…it pours. This week has been really rough. Max is doing well, from what we can gather from his attitude and actions. He goes for his one week check up today, I’ll report back when I know something.

However, Mary V., one of Matt’s grandmothers, died very unexpectedly yesterday in a freak carbon monoxide accident. They found her ‘asleep’ on the sofa, barely breathing. After 911 was called, etc etc, they found the car had been running in the garage long enough to run out of gas. The CO was 1700 parts per million, enough to kill in 2 hours. (Everyone: PLEASE be sure your smoke detectors are also CO detectors!)

The shock of the accident is the worst part. Grandma had a really good run, she was feisty. She’d had 11 kids. She was an extremely active senior and at 4’11” still did a lot of her own work around the house, carrying the 8' step ladder up from the basement to fix the curtains, etc. Her kids gave her hell when they found out these things, but Matt and I had a catchphrase we used for her: GO GRANDMA!!!!

She was my adopted grandma, too. My two grandfathers died when I was 6, on of my grandmothers died before I was born, and the other was estranged from us, so I really never had grandparents that I really knew. Mary V. was my adopted grammy. I’m glad to have had 10 years with her. She’s the kind of old lady I want to be when I grow up. And, hey, there are worse ways to go. It could have been a stroke or cancer, she could have lingered for a long time…

I will do a grammy retrospective sometime this week, you won’t want to miss it. Lots of funny stories.

Thursday, July 17, 2008


First and foremost, Max is doing well. (The above picture is from his neutering last year.)

OK, the back story. We woke up on Sunday morning, Max's left eye was closed and goopy. We cleaned the goop away, and noticed that his eye appeared cloudy, like a cataract patient. I called the emergency vet in Frederick, MD, then drove him down there around 7:30. They did a pressure test on his eye and it was very high. They also notice the lens looked like it was tilted. They sent us to the emergency vet in Gaithersburg, MD, right on the outskirts of Washington, DC. I was not happy about driving down there, but it was a lot closer than I thought, Max slept the whole way, and at least I didn't have to fight rush hour traffic.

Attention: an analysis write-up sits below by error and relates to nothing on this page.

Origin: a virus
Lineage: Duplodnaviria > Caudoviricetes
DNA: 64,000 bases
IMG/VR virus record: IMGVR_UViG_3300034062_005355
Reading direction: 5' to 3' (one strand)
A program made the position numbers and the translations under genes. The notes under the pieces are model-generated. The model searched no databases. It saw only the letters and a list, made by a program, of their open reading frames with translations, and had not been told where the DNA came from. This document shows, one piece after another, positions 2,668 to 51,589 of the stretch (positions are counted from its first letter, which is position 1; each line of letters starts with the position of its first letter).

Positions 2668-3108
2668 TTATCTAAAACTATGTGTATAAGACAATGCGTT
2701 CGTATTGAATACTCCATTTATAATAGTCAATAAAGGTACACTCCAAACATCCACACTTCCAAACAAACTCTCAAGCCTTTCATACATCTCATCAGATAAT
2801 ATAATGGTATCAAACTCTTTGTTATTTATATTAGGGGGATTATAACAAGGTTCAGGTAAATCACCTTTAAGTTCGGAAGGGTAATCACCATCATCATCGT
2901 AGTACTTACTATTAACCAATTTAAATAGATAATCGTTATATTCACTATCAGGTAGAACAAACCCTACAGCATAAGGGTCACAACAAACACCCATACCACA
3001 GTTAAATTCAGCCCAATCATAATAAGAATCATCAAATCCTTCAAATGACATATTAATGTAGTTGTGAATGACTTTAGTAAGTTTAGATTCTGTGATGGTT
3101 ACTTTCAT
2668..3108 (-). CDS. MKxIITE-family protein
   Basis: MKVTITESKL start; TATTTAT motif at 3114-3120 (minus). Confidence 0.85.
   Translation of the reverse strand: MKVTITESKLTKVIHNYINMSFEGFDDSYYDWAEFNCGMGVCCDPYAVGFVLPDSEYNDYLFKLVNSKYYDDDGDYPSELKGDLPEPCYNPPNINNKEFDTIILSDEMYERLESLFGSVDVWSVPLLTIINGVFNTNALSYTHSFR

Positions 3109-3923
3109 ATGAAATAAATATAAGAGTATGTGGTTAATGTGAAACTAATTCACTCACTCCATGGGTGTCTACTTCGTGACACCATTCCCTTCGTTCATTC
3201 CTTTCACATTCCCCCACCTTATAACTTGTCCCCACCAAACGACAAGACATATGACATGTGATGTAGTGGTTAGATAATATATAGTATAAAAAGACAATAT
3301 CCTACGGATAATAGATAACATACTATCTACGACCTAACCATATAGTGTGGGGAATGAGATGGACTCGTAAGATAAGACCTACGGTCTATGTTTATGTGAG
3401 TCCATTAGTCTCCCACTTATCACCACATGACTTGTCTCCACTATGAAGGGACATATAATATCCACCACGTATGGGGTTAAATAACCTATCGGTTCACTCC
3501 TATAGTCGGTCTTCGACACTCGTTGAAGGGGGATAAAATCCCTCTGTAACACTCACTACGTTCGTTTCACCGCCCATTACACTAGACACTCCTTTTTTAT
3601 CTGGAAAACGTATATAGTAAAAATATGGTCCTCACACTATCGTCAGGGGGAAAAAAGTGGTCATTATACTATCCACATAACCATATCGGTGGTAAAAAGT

This was an advanced care facility with a lot of specialists. Their Opthamologist wasn't in that day (of course), but they did some tests and started him on some pressure reducing meds. They told me he had an anterior luxating lens. I'm very eye squeemish, so I won't go into details. They kept him and I headed home, exhausted and hungry. I got home about 12:30.

They did the surgery to remove the lens on Monday night, it went well and as expected. He's also developed corneal ulcers, one on each eye, which are painful and complicate the situation. They don't know why these developed. The good news is that they reduced the pressure in time and reduced the damage to the eye, so he has sight in that eye. The bad news was the price tag, which was almost high enough that we wouldn't have been able to do it. Almost.

They sent us home with 7 eye drops, 2 pills and one goop that you squirt in his mouth. He hates the drops, so we also hate the drops.

He has two elizabethian collars on. He is getting drops 3x/day, he has a good appetite, and although he's not too interested in drinking anything we are getting him to drink some occasionally. He slept downstairs by himself last night, cones in place, and did ok.

I'm at work today, I'm going to go check on him at lunch. I feel like I should check in to a hospital or something, I'm so stressed about all this. I was home with him yesterday and although he slept almost all day I was just so stressed I couldn't eat anything. I am trying to eat a bagel and have some coffee this morning, but I've already got a tension headache. I keep telling myself I can only do what I can do: give him his meds, talk to him, love him up, let him out. The rest is up to...him? Fate?

Sunday, July 06, 2008


I had off this week, and thank god because I had a lot of work around here to do. And I got almost everything done that I wanted to!

I did a lot of weeding in the veggie patch, it took me two mornings but I got it done. I also got newspaper and hay around the squash plants to keep the weeds at bay. Almost everything is blooming, except the pumpkins, and I have two little baby zuchs and a few tiny yellow squash. The winter squash vines are starting to run. I have no idea how long they'll get, but the time I grew pumpkins they must have run over 20'!

For more on the garden, visit my garden blog, I'll be updating it Monday or Tuesday.

We're still waiting on the greenhouse, it should be shipped tomorrow.

We also made our semi-annual pilgrimage to the local liquour store and, as usual, bought a lot of different stuff. It is interesting to me to just go in and look around a good liquour store because you never know what you're going to find. This is what we bought:
  • Sweet & Sour mix and a bottle of Triple Sec for my favorite cocktail, the Sidecar.
  • A bottle of cheap but good white wine.